China’s secretive, hierarchical political system discourages bad news. Its secrecy made for a perfect petri dish as the highly infectious and deadly coronavirus spread around Hubei — just as it had back in November 2002 when COVID-19’s sister coronavirus, severe acute respiratory syndrome, emerged in the southern province of Guangdong.
In some ways, that secrecy problem has become even worse as Xi Jinping’s central administration has further entrenched the party’s overseeing role in the world’s most populous country. When Xi’s cadres swear in their joining oath that they will “keep the party’s secrets”, they are expected to mean it. The oath holds even during an emerging pandemic, as Ai Fen, the head of the emergency department at Wuhan Central, discovered late on January 1.
“You are the sinner who affects the stability and unity of Wuhan,” a party official at the hospital thundered at her. “You are the culprit that undermines the development of Wuhan.”
The exchange was one of a number of extraordinary revelations by Chinese journalists that were promptly purged by state censors.
‘You are the sinner who affects the stability and unity of Wuhan’
Ai was one of the first doctors to make the link between the new coronavirus and the nearby South China Seafood Wholesale Market. She also had a rising caseload that proved in late December that the disease was transmitting from person to person, something that was not acknowledged publicly by China for three deadly weeks.
She had arranged for a laboratory to test the mysterious disease. Sharing the results of that test with her colleagues after it returned on December 30 was what had earned Ai her rebuke. One of the Wuhan Central hospital colleagues she shared it with was Li Wenliang, the 33-year-old eye doctor and party member, whose death from the coronavirus on February 7 unleashed an extraordinary emotional response throughout China.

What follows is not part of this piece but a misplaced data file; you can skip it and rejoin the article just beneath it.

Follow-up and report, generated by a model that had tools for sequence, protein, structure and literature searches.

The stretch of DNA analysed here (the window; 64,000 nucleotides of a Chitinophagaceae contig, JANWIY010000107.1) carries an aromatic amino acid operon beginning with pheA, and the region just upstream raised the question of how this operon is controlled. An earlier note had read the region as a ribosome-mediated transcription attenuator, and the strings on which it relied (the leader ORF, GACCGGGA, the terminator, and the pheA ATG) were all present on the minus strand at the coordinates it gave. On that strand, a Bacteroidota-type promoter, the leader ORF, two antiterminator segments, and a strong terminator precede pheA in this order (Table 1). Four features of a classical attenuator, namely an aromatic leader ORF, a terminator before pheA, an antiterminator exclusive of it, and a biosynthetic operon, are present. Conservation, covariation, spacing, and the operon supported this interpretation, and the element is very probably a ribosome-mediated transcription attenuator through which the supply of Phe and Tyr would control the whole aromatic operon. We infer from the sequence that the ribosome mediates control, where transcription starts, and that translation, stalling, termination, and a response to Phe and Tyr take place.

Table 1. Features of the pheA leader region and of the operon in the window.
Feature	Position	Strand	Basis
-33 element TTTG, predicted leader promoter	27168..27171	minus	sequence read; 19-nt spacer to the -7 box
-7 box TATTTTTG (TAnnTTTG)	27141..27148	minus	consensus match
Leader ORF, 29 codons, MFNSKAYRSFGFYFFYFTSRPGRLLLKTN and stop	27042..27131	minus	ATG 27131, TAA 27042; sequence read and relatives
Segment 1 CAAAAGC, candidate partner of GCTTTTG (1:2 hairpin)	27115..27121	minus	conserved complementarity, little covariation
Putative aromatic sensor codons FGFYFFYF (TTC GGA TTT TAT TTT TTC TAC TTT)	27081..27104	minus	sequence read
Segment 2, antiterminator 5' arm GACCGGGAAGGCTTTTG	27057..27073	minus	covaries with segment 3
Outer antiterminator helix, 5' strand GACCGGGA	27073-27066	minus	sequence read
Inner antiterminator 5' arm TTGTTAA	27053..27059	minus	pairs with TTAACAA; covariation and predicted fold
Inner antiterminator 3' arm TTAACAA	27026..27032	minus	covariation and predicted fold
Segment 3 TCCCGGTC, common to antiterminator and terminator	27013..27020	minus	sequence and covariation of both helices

Wuhan ophthalmologist Li Wenliang. Picture: Supplied
Li posted what he had learned about the SARS-like illness in a closed message group on WeChat, a Chinese social media platform that is monitored by the country’s censorship regime.
Despite being the world’s most famous COVID-19 victim — and later being embraced by the party as a “martyr” after he was earlier denounced by police for “spreading rumours” — Li did not feature in the detailed timeline about China’s handling of the virus that was produced by the party’s news agency Xinhua.
The English translation of that timeline, carefully overseen by the party’s powerful propaganda department, ran to more than 21,000 words. Comrade Xi Jinping was mentioned 66 times, beginning with the “instructions” the official account records he first gave on January 7.
Revealing the Chinese government’s continuing unease about what happened at the pandemic’s origin, the timeline begins vaguely.
The first entry is imprecisely stamped “Late December 2019” when the “Wuhan Centre for Disease Control and Prevention in central China’s Hubei Province detected cases of pneumonia of unknown cause”.
As well as airbrushing Li, the official Chinese state ­account entirely purged the efforts of the medical professionals in Wuhan who tried to alert authorities to the new disease, only to be suppressed.